I have been mesmerized by circle quilts lately, and when I saw it as a holiday quilt, I knew that would be perfect!
I have a few circles quilts pinned in my quilt idea board on pinterest – - I have one in my mind, the one that started my love of circle quilts, that is gray and blue but for some reason I don’t have that one pinned….but here’s a couple
I just kind of winged it – - I probably should have read a few tutorials, but oh well. Here’s a quick run-down of what I did:
–Cut a bunch of white squares – I, of course, used a sheet (so much yardage for cheap – - you can always find old sheets at garage sales and thrift store for a dollar or two).
-Cut a bunch of circles. My fabric is all from Joanns this time around. I used my GoBaby Cutter.
–Then I was going to iron the circles to heat n bond and cut out all the circles by hand, but at the last minute I had the genuis idea to run a stack of heat n bond through the GoBaby Cutter — let it do all the cutting work!
–So then I had a stack of fabric circles and a stack of heat-n-bond circles. Heat-n-bond is great – it has glue on two sides that is heat activated, so you iron it to one side of your fabric then peel off the backing and that piece of fabric now is “iron-on” – it has a backing on it that will iron and stick to other fabric. I thought using heat-n-bond would be easier than trying to pin on the circles and get them to stay in place while I sewed (trying that sounded like trouble waiting to happen!)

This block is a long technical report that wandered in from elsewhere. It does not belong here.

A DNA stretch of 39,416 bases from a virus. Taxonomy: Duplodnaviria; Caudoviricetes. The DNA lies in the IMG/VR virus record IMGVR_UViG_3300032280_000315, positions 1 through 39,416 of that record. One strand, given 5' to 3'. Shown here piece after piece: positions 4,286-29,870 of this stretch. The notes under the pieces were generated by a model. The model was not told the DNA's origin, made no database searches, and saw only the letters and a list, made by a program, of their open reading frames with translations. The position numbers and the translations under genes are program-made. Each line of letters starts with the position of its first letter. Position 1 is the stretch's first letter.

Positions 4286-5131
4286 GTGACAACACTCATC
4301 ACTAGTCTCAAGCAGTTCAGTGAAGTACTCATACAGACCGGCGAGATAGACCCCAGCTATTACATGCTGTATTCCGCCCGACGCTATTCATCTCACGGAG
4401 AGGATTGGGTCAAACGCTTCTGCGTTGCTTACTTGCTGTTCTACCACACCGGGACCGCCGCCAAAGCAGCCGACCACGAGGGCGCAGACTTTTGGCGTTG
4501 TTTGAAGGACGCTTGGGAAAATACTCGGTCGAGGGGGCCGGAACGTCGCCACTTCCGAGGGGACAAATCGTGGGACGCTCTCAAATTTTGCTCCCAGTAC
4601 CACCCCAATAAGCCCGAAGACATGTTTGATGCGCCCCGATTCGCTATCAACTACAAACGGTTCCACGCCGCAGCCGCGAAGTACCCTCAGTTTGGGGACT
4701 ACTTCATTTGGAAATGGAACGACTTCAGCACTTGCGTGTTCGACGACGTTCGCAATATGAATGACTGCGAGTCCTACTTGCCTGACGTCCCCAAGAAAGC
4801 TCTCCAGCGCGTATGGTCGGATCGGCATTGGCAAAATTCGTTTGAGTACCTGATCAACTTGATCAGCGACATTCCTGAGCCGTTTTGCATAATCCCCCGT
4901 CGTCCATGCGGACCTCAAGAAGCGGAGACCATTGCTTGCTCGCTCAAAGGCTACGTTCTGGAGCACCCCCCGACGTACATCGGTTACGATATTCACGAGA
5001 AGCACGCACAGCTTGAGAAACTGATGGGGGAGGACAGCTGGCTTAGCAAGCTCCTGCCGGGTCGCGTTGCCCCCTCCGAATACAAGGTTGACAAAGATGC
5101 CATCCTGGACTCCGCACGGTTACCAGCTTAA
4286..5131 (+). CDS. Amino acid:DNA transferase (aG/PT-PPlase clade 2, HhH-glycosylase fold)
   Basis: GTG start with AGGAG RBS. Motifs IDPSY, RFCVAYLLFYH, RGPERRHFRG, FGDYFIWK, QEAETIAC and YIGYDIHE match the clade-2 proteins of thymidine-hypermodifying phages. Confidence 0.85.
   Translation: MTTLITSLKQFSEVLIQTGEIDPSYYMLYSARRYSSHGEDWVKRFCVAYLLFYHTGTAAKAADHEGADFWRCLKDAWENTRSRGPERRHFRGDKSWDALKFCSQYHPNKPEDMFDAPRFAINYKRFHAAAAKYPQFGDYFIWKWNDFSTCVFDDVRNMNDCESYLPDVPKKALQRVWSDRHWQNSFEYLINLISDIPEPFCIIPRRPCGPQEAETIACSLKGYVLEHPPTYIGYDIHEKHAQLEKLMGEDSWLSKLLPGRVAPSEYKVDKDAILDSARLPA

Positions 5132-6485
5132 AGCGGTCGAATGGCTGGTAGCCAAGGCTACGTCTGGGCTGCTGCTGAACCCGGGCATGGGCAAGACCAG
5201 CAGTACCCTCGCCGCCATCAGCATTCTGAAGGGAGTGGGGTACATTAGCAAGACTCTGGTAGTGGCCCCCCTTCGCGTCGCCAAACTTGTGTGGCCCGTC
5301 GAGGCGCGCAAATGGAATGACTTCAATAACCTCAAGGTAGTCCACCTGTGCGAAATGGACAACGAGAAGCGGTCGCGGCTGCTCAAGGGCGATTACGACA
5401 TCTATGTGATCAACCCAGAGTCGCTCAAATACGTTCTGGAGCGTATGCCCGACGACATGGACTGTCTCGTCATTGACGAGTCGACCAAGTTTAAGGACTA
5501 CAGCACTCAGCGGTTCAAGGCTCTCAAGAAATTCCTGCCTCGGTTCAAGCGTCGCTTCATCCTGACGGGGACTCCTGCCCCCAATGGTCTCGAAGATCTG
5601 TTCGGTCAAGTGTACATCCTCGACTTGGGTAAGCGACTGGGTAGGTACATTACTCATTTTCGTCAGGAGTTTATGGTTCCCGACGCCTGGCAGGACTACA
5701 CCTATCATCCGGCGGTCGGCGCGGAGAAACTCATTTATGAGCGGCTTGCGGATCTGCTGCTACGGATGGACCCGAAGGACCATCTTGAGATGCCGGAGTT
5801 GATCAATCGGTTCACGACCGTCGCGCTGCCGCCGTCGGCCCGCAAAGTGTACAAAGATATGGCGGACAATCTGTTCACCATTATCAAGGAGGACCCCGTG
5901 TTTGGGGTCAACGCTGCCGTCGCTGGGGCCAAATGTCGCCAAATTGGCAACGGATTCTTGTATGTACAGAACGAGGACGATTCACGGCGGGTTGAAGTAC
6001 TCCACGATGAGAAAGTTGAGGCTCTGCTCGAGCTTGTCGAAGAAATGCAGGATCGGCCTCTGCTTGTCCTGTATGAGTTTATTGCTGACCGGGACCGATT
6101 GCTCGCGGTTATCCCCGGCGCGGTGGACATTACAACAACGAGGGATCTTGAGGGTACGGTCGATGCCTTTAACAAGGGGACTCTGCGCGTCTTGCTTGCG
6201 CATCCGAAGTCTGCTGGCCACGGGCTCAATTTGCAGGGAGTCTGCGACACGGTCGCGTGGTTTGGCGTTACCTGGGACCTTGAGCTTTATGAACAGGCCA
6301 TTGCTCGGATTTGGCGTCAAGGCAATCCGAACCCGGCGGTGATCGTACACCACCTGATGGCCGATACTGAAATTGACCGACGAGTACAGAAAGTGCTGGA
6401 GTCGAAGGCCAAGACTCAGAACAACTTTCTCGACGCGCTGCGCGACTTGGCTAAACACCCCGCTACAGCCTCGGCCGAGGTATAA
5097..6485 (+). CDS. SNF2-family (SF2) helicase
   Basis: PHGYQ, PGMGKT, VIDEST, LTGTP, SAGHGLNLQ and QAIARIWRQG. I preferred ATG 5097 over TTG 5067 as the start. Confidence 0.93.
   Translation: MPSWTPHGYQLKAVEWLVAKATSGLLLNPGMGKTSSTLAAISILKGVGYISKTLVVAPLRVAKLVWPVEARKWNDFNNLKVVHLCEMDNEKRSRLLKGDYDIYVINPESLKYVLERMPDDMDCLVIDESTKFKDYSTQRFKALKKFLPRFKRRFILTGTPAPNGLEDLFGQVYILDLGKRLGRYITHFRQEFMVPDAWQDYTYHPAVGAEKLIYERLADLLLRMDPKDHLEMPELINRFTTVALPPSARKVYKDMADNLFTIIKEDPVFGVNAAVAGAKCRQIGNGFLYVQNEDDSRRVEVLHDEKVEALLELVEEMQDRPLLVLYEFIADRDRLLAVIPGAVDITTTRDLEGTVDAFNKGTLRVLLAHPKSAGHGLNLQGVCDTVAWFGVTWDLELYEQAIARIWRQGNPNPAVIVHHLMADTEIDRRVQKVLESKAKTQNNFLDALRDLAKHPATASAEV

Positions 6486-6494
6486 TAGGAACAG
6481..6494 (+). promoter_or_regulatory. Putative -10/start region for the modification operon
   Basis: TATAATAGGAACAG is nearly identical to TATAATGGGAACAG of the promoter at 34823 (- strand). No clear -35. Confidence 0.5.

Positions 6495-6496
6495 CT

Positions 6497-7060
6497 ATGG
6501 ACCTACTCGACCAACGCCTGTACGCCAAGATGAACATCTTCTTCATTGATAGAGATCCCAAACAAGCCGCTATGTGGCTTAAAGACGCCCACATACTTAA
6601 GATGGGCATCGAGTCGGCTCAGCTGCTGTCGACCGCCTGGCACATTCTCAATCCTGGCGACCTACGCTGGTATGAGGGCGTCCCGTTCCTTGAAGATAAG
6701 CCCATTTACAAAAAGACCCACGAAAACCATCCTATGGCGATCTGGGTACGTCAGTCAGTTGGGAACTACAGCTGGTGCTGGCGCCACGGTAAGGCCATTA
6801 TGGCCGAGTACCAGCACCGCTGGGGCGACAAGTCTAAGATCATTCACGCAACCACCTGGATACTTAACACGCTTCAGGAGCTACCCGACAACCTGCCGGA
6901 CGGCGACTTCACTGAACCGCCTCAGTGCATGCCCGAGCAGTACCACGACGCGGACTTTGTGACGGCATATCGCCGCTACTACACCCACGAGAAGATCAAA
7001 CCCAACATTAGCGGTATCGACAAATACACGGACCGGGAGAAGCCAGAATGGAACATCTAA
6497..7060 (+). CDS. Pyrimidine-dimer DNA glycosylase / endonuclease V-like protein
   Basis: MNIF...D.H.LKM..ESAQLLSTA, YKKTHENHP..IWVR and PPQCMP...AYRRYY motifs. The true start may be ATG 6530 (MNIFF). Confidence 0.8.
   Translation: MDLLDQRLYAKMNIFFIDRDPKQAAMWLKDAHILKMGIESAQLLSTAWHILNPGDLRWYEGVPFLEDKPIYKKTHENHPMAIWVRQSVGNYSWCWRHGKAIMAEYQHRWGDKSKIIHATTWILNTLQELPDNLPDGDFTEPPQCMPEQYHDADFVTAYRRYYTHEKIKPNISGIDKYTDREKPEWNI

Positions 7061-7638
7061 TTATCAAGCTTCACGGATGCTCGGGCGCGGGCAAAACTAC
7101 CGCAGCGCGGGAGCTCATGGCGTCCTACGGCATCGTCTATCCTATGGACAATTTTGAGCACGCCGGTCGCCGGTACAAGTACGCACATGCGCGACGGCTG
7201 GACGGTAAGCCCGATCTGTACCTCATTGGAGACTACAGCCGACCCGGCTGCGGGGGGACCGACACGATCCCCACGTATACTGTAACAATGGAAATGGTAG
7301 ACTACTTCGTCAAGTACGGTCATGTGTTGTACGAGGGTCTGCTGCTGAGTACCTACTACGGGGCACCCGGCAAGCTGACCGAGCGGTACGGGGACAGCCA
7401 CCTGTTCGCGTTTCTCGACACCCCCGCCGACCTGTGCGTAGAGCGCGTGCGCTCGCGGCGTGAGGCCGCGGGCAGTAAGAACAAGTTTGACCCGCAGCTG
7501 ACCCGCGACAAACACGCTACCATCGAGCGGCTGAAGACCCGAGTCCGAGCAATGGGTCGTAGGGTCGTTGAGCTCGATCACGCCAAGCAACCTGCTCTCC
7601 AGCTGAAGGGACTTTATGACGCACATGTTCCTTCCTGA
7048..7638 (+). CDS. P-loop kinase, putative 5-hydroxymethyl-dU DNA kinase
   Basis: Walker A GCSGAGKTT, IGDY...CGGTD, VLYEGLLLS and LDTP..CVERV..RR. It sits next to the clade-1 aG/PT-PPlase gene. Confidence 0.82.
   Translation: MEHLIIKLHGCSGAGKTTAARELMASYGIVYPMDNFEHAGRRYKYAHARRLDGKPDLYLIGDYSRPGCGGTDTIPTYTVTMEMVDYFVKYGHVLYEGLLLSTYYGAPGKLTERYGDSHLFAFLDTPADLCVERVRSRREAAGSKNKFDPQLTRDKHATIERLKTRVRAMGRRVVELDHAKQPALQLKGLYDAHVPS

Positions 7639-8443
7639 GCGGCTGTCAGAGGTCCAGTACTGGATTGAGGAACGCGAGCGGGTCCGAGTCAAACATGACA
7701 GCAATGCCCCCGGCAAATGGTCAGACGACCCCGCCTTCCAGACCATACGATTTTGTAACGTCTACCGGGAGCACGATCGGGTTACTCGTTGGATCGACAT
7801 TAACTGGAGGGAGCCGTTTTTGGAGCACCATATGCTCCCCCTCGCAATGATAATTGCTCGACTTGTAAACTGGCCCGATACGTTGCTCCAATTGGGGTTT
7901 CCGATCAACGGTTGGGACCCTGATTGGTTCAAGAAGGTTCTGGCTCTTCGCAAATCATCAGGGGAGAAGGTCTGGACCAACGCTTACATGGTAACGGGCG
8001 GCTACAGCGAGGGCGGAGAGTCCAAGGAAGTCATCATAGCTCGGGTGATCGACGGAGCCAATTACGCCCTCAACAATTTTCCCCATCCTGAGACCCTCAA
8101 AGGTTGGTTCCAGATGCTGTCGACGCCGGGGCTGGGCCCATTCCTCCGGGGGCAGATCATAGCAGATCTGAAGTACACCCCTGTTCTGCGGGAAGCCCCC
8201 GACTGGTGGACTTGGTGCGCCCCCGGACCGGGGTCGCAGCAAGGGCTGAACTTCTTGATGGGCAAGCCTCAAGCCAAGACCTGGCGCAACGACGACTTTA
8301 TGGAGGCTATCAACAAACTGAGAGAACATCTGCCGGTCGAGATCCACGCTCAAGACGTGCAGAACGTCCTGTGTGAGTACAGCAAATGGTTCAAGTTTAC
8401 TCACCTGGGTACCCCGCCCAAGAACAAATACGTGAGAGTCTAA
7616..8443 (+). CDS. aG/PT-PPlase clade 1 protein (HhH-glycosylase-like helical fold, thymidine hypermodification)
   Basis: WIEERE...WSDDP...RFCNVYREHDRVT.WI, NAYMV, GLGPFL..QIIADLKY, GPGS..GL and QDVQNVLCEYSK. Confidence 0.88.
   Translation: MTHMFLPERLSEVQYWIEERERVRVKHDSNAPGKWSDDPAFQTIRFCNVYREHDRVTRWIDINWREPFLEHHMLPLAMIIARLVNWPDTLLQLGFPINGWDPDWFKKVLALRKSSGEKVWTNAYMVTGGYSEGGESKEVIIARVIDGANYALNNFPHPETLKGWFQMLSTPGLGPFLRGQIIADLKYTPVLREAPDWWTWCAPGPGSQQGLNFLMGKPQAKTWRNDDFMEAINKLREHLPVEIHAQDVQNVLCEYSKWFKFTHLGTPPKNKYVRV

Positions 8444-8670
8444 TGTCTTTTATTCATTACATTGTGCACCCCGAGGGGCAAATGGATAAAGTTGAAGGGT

–Now, iron all your square in half and in half again — then unfold it and you’ll see a “plus” creased on the square. This shows you right where the middle of your square is located.
–Since the circles have heat-n-bond on them, you can’t iron the plus into them because you’d melt the glue and stick the circle to itself. I ended up peeling off the backing and using the “finger press” method – you just squeeze really hard with your fingers to make a crease. So fold the circle in half, finger press the fold, fold in half again and finger press again – -
–Match up the “plus” on the circle and the square. Now you know the circle is centered on the square. Then iron the circle down on top of the sqaure. It’ll glue itself down. You can kind of see the crease lines matching up in this picture:
–Then, set your machine to a tight zigzag and go around all the circles – - iron the stitching when you’re done to help it lay nice and flat.
–I didn’t take many pictures after this – -oops. You’ll just sew your squares together like any other quilt. Sew several rows of squares then sew those rows together. Once all together make a big stack – - backing, then batting (the fluffy stuff in quilts) then the top that you just pieced together. Then to “quilt” it, I just sewed around each circle, about half an inch from the zig zag – - you can kind of see it in this picture:
And you can kind of see how it made circles on the back of the quilt:
I had never sewed a quilt til this year, but then I was smitten with them and have made several - – - check them out if you’re interested (follow the text links):
Handprint Quilt (teacher gift)